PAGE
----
But it was the point at which things began to change and so you can see elements of our modern world forming. In one scene, Josie talks about the possibility of underground railways as a solution to the traffic congestion that was strangling London. Nothing changes really.

Whilst reading Mortlock the Victorian setting really came alive for me. How did you go about researching the book?

Some of it was from online sources like Lee Jackson’s Dictionary of Victorian London other was looking at artefacts of the day, clothes, hearses all kinds of things. Ackroyd’s London: A Biography was important too but I think that a lot of it was ‘hard-wired’ into me. I’m of an age when I can remember the thick smogs that used to blow up over the Mersey where I grew up. My Grandmother was a Victorian and I can remember her attitudes. In fact Josie wakes up on a sofa, a battered old thing stuffed with horsehair. I remember sitting on one just like that at my Nan’s. And I can’t escape the influence of Hammer horror films which crystallised the stereotyped Victorian foggy street scene.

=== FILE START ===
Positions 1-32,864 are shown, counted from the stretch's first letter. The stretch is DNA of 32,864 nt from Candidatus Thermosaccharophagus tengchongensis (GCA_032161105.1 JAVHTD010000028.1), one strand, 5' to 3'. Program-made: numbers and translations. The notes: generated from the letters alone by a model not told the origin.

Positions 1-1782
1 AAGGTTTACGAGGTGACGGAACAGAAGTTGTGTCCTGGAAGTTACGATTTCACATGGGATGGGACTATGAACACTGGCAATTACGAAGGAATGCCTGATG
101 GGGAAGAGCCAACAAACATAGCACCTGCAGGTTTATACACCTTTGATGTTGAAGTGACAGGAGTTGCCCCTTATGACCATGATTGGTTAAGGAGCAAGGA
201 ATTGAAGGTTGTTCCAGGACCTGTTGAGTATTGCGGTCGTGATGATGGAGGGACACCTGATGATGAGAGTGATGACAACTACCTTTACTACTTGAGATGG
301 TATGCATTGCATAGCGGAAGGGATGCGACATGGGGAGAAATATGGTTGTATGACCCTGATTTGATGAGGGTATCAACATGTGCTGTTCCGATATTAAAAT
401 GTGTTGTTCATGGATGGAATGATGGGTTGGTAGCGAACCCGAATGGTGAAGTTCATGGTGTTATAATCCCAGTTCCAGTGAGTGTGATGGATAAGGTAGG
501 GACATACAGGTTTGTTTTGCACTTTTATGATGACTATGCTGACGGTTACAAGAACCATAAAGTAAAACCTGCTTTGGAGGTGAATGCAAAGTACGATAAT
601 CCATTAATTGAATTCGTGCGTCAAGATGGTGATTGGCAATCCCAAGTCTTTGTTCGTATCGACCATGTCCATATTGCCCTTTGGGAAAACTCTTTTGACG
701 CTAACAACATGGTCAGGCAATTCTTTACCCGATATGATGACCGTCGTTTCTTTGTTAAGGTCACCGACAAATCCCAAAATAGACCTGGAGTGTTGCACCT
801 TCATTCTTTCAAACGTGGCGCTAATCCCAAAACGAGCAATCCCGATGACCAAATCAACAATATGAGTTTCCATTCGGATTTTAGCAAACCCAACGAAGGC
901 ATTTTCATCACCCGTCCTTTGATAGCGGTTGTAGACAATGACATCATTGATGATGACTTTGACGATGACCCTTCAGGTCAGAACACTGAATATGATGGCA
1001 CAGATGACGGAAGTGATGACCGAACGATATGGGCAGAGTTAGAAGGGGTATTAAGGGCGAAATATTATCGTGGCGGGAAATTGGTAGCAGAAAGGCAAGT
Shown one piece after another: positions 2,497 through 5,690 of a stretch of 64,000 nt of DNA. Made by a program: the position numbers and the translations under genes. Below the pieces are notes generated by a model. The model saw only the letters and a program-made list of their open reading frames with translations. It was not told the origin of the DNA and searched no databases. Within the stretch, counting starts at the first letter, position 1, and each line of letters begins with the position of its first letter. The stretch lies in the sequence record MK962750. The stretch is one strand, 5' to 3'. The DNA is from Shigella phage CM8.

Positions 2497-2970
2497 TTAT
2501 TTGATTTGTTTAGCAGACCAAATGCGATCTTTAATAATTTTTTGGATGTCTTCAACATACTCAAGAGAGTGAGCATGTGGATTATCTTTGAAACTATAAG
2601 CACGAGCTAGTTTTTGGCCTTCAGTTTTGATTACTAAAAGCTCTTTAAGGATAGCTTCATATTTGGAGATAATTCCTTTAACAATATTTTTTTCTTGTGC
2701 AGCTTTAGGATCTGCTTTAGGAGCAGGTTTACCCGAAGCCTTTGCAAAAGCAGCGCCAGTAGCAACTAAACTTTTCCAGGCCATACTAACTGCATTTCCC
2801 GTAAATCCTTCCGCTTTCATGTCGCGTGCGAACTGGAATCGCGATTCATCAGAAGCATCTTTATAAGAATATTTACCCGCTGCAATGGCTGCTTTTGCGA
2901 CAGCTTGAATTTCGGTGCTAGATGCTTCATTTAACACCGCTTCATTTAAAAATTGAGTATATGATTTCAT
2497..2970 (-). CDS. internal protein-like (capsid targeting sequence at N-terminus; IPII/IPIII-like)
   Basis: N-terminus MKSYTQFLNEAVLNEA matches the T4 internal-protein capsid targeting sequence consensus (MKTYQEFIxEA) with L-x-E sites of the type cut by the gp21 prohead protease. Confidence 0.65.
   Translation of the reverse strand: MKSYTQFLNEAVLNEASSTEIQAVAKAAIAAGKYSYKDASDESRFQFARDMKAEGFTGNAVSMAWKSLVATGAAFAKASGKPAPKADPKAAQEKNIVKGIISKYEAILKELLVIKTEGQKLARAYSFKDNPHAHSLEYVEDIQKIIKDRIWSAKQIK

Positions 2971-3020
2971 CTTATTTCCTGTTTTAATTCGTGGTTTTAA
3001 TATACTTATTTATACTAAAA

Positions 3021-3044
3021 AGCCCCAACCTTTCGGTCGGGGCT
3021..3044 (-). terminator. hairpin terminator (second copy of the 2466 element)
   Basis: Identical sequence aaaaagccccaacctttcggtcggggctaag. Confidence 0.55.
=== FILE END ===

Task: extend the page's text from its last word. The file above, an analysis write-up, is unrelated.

Did you research any real events, legends, or myths to get ideas?

Initially, I ploughed through a lot of London Illustrated News articles to drop into the story but they didn’t really stay. I did research London stage magicians of the time and one is mentioned in the early chapters. No myths or legends but of course, the ballads that permeate the story were important to me. I do believe that if you want to talk to the dead, listen to their music and song. You learn so much as well as discovering that they loved a gory, spooky tale as much as we do.